Background: Finding genes that are differentially expressed between conditions is an integral part of understanding the molecular basis of phenotypic variation. In the past decades, DNA microarrays have been used extensively to quantify the abundance of mRNA corresponding to different genes, and more recently high-throughput sequencing of cDNA (RNA-seq) has emerged as a powerful competitor. As the cost of sequencing decreases, it is conceivable that the use of RNA-seq for differential expression analysis will increase rapidly. To exploit the possibilities and address the challenges posed by this relatively new type of data, a number of software packages have been developed especially for differential expression analysis of RNA-seq data.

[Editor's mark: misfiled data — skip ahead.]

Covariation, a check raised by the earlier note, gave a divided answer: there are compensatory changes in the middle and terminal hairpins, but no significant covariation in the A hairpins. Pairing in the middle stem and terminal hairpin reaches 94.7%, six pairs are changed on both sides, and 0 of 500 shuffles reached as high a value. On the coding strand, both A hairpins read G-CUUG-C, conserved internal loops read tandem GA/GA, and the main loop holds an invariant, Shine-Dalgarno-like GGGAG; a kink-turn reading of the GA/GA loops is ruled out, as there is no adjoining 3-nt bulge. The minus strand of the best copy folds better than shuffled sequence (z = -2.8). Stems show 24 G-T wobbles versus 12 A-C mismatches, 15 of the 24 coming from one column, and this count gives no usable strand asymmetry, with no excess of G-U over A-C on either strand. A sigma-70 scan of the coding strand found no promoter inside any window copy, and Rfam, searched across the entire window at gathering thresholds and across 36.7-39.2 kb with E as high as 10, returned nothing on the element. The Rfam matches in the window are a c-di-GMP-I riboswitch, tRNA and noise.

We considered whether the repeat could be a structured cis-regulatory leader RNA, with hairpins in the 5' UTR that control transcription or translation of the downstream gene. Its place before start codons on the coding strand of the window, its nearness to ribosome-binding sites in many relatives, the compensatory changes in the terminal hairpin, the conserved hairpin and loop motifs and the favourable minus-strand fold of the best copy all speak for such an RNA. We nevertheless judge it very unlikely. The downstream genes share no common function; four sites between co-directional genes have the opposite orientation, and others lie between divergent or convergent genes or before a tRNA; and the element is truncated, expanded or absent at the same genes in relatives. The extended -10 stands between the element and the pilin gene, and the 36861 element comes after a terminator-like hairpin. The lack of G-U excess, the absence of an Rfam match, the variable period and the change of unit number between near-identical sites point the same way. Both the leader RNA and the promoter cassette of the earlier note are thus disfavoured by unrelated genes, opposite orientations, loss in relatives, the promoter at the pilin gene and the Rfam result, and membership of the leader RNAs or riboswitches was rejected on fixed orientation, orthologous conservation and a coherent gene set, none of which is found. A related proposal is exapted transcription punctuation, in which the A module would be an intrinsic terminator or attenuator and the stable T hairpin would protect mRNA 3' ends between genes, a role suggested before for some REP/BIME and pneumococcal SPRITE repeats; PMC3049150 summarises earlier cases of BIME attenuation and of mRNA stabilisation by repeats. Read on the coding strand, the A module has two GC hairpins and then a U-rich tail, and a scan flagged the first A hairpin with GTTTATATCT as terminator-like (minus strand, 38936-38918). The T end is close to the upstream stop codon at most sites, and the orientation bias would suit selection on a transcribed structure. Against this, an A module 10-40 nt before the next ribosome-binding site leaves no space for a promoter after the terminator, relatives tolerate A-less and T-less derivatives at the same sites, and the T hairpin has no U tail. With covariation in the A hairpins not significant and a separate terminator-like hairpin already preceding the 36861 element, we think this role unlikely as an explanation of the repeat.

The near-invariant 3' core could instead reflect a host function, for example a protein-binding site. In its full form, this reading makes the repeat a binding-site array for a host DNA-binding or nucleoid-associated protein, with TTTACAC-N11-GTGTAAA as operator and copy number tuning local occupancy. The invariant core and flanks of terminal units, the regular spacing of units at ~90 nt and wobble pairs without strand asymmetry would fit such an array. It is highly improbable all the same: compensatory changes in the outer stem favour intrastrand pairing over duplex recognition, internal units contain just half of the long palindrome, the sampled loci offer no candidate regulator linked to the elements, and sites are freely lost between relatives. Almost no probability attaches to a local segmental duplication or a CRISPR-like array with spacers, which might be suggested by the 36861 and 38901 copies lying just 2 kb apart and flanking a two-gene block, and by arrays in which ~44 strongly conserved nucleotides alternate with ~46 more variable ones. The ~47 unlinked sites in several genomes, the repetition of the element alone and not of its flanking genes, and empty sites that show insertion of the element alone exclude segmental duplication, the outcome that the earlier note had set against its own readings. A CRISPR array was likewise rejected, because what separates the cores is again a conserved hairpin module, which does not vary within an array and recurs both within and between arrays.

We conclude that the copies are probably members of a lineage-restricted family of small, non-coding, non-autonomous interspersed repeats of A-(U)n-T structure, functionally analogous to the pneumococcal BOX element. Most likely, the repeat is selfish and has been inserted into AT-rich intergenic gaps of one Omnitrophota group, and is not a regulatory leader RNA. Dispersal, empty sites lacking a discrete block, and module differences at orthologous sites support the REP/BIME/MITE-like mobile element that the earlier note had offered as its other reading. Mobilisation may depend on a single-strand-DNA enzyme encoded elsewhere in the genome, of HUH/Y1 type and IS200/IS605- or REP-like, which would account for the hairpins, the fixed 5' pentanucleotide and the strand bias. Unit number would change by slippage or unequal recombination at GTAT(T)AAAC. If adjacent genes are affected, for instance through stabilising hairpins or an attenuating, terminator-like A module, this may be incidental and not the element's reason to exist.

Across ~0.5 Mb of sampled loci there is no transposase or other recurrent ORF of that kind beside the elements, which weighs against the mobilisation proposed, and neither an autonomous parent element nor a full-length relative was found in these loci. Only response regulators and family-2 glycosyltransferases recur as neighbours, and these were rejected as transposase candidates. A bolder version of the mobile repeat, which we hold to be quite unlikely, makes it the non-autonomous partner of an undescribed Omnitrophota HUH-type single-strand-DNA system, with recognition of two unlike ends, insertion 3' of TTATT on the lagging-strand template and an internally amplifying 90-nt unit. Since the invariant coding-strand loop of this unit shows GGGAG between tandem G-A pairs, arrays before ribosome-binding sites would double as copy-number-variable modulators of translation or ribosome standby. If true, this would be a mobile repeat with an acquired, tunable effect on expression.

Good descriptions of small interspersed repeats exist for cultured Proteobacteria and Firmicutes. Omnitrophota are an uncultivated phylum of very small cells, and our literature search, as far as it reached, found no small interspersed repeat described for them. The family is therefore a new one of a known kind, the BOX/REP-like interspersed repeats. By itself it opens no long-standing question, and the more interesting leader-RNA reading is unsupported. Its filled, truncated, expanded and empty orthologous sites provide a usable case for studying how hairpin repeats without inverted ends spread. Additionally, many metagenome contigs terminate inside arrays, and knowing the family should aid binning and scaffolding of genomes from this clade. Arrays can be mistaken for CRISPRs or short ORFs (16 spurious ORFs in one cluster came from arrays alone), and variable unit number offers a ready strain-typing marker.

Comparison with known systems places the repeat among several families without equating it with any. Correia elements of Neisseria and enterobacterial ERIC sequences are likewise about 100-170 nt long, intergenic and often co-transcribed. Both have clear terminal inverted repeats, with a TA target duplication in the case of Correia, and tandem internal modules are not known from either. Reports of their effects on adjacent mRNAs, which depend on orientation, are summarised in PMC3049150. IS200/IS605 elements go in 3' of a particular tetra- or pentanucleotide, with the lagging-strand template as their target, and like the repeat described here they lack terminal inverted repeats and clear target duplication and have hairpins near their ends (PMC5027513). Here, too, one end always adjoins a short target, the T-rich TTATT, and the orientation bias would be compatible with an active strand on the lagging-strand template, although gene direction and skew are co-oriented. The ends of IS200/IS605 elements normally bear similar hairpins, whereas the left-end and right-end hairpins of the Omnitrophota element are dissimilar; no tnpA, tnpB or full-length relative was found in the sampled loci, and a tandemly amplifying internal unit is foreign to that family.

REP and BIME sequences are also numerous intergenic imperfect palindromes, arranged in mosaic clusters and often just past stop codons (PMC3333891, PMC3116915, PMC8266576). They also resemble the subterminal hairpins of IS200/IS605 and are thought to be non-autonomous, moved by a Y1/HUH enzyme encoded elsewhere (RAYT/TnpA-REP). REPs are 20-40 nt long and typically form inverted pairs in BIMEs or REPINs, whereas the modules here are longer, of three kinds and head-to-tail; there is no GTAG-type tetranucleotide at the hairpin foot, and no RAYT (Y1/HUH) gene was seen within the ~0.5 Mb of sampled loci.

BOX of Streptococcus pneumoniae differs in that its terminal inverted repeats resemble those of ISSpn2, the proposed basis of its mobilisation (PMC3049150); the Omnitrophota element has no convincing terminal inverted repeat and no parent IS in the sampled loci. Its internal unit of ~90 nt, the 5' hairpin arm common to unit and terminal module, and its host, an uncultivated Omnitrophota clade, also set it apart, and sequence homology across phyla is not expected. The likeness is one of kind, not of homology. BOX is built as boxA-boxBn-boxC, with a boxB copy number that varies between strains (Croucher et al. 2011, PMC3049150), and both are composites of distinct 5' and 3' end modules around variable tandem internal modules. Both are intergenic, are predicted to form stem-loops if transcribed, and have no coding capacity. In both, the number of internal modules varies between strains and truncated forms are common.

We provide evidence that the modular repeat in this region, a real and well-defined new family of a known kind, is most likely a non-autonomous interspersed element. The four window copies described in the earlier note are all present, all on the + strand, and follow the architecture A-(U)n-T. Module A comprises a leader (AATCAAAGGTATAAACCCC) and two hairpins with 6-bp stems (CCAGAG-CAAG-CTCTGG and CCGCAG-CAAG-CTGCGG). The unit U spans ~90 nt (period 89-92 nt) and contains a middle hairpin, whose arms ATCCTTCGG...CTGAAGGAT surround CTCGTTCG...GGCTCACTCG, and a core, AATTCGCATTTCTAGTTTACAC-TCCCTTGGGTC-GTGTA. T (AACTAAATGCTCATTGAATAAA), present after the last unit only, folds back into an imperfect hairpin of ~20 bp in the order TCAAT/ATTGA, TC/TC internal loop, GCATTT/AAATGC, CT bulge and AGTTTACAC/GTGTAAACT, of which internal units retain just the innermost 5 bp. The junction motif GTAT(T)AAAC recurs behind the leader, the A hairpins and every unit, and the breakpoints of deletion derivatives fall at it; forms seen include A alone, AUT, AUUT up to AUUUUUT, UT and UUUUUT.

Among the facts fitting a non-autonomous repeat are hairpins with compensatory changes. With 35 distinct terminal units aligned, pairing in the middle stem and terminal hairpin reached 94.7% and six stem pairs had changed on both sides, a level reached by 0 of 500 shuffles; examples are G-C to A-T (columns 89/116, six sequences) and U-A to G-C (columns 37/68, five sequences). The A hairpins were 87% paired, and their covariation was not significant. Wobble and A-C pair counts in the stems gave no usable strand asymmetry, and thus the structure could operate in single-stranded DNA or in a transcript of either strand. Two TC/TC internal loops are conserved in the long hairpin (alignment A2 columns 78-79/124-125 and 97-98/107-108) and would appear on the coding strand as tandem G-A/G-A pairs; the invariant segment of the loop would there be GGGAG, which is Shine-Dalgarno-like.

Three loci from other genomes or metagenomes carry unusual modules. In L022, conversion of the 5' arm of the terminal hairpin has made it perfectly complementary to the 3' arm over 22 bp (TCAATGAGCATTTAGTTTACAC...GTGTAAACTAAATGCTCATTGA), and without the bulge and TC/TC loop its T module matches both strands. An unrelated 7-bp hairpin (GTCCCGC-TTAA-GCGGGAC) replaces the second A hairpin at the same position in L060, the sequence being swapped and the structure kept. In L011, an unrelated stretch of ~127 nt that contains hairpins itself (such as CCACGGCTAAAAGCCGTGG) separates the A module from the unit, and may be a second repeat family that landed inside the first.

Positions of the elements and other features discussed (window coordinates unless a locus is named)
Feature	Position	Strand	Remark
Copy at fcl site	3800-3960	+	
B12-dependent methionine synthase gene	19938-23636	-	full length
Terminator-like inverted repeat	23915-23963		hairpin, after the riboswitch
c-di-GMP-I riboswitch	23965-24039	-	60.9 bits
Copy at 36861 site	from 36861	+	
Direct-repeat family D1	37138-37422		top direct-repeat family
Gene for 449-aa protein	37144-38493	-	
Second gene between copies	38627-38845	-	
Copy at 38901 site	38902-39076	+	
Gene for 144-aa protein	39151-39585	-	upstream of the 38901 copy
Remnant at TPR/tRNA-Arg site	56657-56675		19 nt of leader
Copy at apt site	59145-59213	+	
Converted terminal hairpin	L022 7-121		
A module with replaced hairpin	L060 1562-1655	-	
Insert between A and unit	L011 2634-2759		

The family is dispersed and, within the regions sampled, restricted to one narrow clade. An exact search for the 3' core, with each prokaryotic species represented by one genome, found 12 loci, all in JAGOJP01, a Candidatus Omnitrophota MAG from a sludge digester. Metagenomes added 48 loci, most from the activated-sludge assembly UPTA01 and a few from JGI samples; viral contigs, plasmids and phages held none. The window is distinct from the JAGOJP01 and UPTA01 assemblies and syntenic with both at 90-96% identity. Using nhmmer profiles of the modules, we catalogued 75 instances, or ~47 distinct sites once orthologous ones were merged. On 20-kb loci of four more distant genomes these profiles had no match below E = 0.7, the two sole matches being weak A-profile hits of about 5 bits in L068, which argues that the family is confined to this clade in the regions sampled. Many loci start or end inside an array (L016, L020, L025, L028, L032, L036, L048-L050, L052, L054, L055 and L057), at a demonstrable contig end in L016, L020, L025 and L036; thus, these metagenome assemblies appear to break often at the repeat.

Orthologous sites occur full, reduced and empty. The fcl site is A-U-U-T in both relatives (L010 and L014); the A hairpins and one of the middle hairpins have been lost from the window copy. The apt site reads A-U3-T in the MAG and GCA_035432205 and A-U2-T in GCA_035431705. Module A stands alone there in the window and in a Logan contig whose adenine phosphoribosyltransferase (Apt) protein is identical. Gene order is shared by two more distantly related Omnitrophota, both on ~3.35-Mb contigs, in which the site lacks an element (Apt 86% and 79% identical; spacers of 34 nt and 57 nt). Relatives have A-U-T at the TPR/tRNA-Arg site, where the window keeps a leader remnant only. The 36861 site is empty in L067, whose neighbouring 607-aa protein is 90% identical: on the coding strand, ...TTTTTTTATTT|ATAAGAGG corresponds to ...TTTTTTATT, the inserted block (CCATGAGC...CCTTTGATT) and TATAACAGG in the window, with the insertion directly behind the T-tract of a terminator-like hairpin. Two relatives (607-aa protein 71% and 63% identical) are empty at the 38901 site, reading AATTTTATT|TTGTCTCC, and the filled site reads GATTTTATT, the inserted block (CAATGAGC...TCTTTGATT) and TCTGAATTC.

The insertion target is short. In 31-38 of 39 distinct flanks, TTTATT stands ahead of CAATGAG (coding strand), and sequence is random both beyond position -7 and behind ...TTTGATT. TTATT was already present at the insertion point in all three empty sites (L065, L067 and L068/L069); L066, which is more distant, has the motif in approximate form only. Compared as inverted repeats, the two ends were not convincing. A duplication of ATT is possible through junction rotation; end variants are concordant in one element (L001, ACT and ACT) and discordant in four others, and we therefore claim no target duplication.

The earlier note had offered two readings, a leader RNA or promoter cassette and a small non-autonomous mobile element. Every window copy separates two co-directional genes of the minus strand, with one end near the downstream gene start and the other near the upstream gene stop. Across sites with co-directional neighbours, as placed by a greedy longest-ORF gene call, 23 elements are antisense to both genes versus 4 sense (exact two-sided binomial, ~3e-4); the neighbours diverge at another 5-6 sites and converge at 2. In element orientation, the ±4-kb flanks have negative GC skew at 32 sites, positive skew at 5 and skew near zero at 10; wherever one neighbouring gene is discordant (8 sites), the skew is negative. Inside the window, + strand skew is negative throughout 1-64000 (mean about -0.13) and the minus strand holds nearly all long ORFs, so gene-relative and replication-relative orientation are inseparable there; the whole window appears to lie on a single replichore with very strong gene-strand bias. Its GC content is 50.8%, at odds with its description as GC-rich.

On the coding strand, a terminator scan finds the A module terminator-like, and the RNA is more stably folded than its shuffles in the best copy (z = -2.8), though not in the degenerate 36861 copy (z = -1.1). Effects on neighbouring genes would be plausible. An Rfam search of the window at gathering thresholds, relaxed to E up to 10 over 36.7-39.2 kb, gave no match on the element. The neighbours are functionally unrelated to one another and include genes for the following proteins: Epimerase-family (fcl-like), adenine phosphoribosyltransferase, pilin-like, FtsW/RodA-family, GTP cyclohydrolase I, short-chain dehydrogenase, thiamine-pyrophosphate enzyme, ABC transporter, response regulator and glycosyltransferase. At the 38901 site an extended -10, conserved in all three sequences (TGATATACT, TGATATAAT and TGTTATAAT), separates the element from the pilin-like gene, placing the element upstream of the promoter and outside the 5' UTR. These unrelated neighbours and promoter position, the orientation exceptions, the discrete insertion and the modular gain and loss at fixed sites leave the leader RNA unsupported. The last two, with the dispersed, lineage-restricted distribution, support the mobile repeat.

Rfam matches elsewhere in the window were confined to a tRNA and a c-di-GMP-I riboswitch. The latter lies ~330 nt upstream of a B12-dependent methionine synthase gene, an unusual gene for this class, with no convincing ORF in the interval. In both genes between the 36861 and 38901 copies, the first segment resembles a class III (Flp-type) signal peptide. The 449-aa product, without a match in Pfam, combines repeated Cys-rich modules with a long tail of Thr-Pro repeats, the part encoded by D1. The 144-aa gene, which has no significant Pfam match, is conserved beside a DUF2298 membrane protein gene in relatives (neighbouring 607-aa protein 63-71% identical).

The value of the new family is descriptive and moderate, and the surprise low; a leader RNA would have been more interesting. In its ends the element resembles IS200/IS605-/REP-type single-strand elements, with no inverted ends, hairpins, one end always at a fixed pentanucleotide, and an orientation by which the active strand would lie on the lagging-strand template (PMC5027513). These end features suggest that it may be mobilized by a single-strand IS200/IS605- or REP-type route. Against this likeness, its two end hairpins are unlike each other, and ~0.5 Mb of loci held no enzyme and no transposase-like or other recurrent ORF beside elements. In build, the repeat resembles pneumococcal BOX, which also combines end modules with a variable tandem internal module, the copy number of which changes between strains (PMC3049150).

Results: We conducted an extensive comparison of eleven methods for differential expression analysis of RNA-seq data. All methods are freely available within the R framework and take as input a matrix of counts, i.e. the number of reads mapping to each genomic feature of interest in each of a number of samples. We evaluate the methods based on both simulated data and real RNA-seq data.
Conclusions: Very small sample sizes, which are still common in RNA-seq experiments, impose problems for all evaluated methods and any results obtained under such conditions should be interpreted with caution. For larger sample sizes, the methods combining a variance-stabilizing transformation with the 'limma' method for differential expression analysis perform well under many different conditions, as does the nonparametric SAMseq method.